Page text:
We have seen a very quick review of related matters. This bill was introduced before a Senate committee dealing with the technical aspects of this bill could report. We are debating it without the ability of knowing what the senators, in a very quick review, have said about the difficulties. The people who wrote the Bills Digestthose who had to lay out what the bill was about and had to draft the legislative papers and so on—would know and understand, particularly from past practice, that you may slip in a bill which is really about propagandising, you may slip in a bill that is about the next election and you may put in a bill that is to be used as a mechanism to argue that the government is stronger on national security than the opposition, you may put in a bill where most of the provisions cannot be brought to bear for some years and where it openly says, `We don't really know how we are going to put this together, because we do not really know how well the biometric sensing mechanisms that are at the foundation of trying to identify people by their irises or fingerprints will work in the broad.'

We know—and, as a past detective, I am sure the member for Dickson has had experience with this—that the taking of fingerprints can be an absolute identifier. But it is always the case that people approach with caution the taking of that particular identifier from people who are noncriminals—those who have not been convicted of a criminal act and who have not been suspected of performing criminal acts. Equally, it is a question of how well the systems can work. If it is just a quick slash past a biometric sensor, it will not work particularly well.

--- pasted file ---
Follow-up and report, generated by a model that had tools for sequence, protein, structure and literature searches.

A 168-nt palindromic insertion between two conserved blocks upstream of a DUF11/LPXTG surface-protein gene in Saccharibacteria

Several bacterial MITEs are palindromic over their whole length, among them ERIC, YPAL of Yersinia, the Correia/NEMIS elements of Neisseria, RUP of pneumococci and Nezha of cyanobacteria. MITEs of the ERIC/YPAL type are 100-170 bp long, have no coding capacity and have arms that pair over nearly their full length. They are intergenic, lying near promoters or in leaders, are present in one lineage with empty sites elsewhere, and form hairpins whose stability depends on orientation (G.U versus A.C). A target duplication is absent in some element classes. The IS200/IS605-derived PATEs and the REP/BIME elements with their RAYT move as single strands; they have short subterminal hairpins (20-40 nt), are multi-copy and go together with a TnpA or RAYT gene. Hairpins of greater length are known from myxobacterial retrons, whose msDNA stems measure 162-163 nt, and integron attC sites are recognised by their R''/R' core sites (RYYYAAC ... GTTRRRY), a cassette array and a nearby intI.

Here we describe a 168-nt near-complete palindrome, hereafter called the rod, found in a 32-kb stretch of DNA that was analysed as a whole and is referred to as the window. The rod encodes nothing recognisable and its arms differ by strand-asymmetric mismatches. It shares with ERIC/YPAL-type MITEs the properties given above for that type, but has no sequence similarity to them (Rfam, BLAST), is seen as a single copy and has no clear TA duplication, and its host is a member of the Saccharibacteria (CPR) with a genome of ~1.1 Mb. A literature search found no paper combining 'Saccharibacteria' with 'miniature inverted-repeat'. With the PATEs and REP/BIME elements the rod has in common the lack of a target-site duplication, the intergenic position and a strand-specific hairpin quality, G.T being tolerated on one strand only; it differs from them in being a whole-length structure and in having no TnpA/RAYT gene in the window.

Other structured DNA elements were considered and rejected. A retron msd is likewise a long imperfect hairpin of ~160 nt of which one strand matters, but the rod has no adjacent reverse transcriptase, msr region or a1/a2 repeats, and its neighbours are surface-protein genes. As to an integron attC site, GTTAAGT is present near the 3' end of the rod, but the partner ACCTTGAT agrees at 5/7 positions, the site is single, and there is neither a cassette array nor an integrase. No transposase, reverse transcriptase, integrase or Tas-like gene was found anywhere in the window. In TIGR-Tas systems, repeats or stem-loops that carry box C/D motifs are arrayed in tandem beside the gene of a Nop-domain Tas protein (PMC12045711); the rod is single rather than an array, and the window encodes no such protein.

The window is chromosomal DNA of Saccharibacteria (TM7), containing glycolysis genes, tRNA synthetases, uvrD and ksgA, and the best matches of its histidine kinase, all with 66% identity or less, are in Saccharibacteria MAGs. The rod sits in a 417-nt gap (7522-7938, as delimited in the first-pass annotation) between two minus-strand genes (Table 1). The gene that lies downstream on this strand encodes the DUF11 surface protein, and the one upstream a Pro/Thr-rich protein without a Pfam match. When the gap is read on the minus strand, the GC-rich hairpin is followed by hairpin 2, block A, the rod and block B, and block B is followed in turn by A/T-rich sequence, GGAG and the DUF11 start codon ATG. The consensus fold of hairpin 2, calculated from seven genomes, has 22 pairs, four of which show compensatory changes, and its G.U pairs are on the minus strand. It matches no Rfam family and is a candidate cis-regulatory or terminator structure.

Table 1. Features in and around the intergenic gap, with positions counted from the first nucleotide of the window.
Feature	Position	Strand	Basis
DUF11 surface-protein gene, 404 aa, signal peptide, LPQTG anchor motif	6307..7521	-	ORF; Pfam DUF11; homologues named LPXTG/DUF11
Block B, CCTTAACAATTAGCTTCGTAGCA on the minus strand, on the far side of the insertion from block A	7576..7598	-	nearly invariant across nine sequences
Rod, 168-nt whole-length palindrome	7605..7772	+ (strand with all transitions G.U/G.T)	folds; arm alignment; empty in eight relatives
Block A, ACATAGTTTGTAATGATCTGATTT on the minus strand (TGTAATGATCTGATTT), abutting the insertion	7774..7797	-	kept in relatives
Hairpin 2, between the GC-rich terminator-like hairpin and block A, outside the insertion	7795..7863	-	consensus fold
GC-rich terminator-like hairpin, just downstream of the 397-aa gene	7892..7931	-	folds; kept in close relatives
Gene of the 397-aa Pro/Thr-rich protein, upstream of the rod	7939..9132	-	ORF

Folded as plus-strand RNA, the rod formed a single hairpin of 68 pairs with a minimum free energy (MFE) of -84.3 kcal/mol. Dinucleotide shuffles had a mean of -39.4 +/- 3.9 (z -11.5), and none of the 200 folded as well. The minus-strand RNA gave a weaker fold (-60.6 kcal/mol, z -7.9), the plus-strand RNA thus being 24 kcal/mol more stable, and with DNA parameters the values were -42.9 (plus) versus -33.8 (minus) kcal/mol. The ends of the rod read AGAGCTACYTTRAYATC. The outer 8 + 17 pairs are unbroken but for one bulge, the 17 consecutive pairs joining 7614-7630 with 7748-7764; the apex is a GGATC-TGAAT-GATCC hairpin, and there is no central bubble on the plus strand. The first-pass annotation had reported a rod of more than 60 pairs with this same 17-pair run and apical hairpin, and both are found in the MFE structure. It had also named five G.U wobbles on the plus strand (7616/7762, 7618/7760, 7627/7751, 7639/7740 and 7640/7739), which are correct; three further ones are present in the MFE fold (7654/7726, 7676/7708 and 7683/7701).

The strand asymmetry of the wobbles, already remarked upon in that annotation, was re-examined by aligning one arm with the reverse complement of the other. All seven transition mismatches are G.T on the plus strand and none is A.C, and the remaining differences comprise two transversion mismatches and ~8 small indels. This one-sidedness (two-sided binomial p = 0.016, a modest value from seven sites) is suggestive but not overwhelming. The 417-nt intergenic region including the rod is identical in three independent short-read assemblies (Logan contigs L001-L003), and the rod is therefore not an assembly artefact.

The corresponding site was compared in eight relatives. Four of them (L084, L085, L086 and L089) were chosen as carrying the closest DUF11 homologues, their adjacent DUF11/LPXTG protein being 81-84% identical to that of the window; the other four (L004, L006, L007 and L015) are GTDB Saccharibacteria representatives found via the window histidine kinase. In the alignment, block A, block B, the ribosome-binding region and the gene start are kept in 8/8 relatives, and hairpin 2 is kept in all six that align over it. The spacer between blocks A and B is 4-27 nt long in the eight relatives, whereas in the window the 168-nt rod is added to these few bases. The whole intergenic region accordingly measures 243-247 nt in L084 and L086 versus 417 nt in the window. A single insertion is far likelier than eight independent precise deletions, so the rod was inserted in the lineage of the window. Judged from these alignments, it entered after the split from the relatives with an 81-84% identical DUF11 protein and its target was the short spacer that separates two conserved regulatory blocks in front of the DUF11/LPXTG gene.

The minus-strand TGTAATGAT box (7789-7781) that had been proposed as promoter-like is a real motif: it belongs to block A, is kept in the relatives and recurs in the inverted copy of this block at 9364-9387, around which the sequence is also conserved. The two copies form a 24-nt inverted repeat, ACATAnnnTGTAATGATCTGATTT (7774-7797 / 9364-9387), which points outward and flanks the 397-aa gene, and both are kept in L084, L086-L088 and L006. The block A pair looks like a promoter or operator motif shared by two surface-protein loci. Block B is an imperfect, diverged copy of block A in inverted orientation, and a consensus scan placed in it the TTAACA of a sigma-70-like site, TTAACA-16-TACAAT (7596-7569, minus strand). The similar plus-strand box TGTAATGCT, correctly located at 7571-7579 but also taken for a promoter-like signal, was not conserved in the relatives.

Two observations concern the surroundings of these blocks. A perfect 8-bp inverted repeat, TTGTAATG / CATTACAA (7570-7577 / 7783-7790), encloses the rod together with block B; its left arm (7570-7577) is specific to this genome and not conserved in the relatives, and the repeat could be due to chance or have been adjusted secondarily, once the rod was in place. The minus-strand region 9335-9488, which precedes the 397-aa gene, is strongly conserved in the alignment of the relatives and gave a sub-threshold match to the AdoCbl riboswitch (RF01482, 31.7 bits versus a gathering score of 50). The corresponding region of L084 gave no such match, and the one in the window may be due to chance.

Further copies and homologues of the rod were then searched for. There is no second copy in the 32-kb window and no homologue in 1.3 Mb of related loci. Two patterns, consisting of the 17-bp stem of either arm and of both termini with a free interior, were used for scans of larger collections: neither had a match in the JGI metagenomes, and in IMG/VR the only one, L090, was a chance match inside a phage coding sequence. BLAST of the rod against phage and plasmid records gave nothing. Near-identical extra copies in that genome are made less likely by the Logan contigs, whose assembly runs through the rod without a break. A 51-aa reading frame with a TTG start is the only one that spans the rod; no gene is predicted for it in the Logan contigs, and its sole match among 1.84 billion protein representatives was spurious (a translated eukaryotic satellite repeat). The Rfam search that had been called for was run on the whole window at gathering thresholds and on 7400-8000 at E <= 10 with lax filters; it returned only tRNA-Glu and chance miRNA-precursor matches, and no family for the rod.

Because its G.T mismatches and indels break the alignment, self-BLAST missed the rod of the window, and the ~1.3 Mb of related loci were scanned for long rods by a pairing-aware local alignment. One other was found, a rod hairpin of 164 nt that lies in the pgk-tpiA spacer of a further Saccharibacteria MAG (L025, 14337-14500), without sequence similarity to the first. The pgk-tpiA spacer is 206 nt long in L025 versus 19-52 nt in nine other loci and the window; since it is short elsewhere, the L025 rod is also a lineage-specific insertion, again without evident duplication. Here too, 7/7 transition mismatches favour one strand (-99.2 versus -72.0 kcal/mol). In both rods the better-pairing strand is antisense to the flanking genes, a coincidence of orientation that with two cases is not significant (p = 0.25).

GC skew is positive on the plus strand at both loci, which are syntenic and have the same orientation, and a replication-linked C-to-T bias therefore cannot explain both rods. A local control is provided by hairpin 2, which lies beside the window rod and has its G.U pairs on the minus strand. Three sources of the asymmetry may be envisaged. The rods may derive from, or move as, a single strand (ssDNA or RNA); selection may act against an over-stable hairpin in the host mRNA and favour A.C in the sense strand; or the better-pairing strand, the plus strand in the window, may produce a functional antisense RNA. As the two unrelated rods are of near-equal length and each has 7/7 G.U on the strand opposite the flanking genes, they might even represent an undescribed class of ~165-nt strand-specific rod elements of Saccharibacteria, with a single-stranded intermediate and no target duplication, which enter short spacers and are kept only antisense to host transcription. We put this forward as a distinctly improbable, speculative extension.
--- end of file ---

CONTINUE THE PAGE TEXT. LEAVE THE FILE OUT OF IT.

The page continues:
As the Deputy Speaker can attest, having tried out the Compaq iPAQ that we have just been issued with—and, progressively, people in the parliament will be issued with it—you can actually access the Compaq iPAQ with a password or by biometric sensing. So, if you train it and you put your fingerprint into it, entry can be controlled by using that biometric information. But, even after you have trained it, you cannot be sure that you can get it to quickly recognise you properly every time. You get a lot of false positives where it says that it is not you when it really is—the thing is there but you have not actually registered that correctly.

Part of the problem with biometric sensing is that it is not as precise as it might be. Technologically, it is still in its infancy. One of the things that the member for Dickson failed to understand—although he approached it in his concluding comments—is that it is the very technological advances over the last decade, particularly over the last five years, which are being used to create false identities far more readily than people could in the past, which are leading towards a response such as this; that is, a response such as that envisaged rather than effectively put into place in Britain, in France, in Europe generally, and in the United States. Because people now have more capacity—because of the proliferation of computers and the ability to turn material into digital form—they can more readily take digital material and manipulate and change it. That is why it is a lot easier to engage in identity fraud.

If you want to engage in identity fraud and steal a person's money and goods and get access to their bank accounts and so on, it can happen. It happened to my wife some years ago. She was at an ATM in Westfield Shopping Centre and somebody stole her purse. Within 30 minutes the person had been up to the bank in Westfield Shopping Centre and had falsely signed my wife's signature. That person was able to get money out of the bank with a false signature—when there had been only a bit of preparation—and then went off to a series of shops. That person was stopped only because the shopkeepers had a great deal of experience with people falsely presenting themselves and falsely using credit cards.